Recently, I’ve observed several leaders who were frustrated by the lack of results they were getting from their efforts to coach members of their team.
The problem wasn’t with the individuals, it was the failure to use perhaps the most important model when coaching, one introduced to me by the late, (great), business coach Ed Percival, and the genius that is Colin Blundell, (two of the three most profound teachers I’ve ever known), on a course they ran 15 years ago titled: “How to Teach Anything to Anyone”.
It’s titled SIEMARR, and works like this.
State. If someone isn’t in the right state, then attempting a coaching interaction is pointless. All too often, a time is scheduled, without regard for the current workload, pressure and issues that require immediate attention, and to maximise the time available in the session, the coach starts immediately to diagnose, or worse prescribe, without creating the right state first. I’ve had sessions when a client has been ready for inputs within a few moments, but other times it’s taken 50 minutes of the allotted hour to enable someone to calm down and be receptive.
Input. Most often, it’s far better to go granular with inputs rather than attempting several things at once. For sure it’s fine to start with the big picture, but the most effective coaching tends to be delivered one piece at a time, rather than all at once.
Explore. This is when the magic happens. By agreeing on a topic (the input), the next stage is then to explore it (by asking great questions). The best coaches enable the people they’re working with to identify the solution themselves rather than handing it to them on a plate. It’s why the Property Academy issue process has “questions for understanding” before members make suggestions and idea generation.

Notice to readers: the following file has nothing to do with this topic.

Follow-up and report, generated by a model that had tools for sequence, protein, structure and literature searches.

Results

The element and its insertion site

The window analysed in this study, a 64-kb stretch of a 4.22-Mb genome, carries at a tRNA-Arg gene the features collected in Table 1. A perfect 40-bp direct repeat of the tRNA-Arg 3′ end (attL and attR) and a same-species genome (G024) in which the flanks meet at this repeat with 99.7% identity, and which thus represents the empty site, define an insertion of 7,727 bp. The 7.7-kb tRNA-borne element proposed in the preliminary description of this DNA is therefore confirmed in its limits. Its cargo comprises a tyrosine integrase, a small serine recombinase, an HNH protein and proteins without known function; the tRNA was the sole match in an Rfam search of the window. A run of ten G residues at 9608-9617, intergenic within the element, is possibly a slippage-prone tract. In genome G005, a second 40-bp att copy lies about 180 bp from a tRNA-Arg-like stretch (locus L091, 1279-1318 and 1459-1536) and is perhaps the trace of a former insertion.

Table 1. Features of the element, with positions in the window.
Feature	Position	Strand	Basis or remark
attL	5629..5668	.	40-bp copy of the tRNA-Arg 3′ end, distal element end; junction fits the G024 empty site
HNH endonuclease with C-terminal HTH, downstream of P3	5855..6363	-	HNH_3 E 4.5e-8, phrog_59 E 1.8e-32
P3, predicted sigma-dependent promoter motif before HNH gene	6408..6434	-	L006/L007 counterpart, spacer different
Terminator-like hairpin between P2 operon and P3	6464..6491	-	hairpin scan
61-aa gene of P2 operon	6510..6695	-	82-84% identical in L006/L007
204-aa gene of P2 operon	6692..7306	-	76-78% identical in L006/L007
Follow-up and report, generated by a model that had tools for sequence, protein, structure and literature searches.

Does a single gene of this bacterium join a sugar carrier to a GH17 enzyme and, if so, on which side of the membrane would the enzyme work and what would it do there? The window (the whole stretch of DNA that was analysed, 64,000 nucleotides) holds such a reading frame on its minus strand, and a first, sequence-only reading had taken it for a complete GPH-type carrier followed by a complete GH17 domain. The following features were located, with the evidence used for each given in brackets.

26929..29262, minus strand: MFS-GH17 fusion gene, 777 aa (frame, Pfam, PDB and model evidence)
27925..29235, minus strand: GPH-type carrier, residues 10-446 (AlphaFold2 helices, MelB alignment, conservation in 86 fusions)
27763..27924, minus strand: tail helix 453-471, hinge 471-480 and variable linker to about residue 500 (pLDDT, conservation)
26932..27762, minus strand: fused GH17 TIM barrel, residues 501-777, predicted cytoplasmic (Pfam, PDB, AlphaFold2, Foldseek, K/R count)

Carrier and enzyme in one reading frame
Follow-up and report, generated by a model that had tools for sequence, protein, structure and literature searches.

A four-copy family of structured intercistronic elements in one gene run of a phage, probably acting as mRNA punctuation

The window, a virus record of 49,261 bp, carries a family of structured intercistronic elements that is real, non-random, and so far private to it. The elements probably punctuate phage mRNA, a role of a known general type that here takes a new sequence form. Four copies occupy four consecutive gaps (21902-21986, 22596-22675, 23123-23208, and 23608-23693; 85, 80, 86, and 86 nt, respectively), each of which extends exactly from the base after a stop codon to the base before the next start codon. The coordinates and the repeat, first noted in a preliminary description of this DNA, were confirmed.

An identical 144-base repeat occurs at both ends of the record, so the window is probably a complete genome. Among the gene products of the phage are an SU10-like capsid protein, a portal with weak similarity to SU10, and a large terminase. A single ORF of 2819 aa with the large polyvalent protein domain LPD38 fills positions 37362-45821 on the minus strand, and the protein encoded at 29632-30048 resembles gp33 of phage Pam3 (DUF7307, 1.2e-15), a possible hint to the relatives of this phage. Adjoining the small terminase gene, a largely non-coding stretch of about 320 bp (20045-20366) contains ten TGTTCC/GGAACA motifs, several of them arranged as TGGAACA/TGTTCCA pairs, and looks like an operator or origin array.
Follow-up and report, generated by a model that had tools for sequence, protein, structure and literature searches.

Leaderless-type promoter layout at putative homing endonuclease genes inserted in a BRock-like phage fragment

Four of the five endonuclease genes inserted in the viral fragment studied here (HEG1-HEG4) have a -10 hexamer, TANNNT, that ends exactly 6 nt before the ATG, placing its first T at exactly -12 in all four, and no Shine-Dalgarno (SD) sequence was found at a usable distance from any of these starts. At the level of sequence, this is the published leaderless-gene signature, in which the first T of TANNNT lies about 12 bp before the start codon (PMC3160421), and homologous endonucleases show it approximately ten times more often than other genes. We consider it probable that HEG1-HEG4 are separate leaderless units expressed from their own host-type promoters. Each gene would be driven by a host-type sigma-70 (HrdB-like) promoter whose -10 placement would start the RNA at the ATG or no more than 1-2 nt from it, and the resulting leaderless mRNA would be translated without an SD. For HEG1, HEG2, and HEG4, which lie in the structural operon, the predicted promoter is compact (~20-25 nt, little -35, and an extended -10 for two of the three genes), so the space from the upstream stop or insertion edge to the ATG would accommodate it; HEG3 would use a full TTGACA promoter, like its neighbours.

Memorise. How often has someone been on a course, had intensive training or coaching, and within weeks, days even, they’ve reverted to old habits having forgotten all they learned? The key is to enable someone to identify how they will remember the lesson – this can be done in many ways, (perhaps a topic for another four-i), but in simple terms there needs to be something that ignites the senses. For example, if I’m coaching a leader on giving an awesome presentation to their team, I’ll help them to anchor the ideas and new behaviours with music. I still use this technique myself – if you catch me humming ‘Ride of the Valkyries’ then there’s more than a fair chance I’m about to go into ‘Presenter-I’ mode!
Action. It’s imperative to try out something you’ve learned – otherwise it will quickly be forgotten and the coaching will have been a complete waste of time. That’s obvious I know, and yet it’s one of the most common reasons why coaching interactions fail. The key is to identify exactly when the new behaviour will be utilised; a good coach will always ask, “and when will you do this?” and find a way for accountability and follow up.
Reflect/Review. I’ve added the extra R to this model, as I believe it’s important for the individual to Reflect on their Action, and then to Review it with their coach. These final steps are where magic round two occurs. It’s when the person being coached explains their first hand experience, which enables the coach to both tweak the prescription if necessary, and also to learn for their own improvement in future sessions, both with that person and others.
If you would like to experience SIEMARR then consider coming to a Property Academy ‘Leaders in Property’ Group meeting in March. Most are full, but we have a couple of spaces in our Group meeting on 20th March in Swindon, or at our Lettings Leaders focussed Group in Swansea on 21st March.
You can register your interest here and we’ll be in touch.
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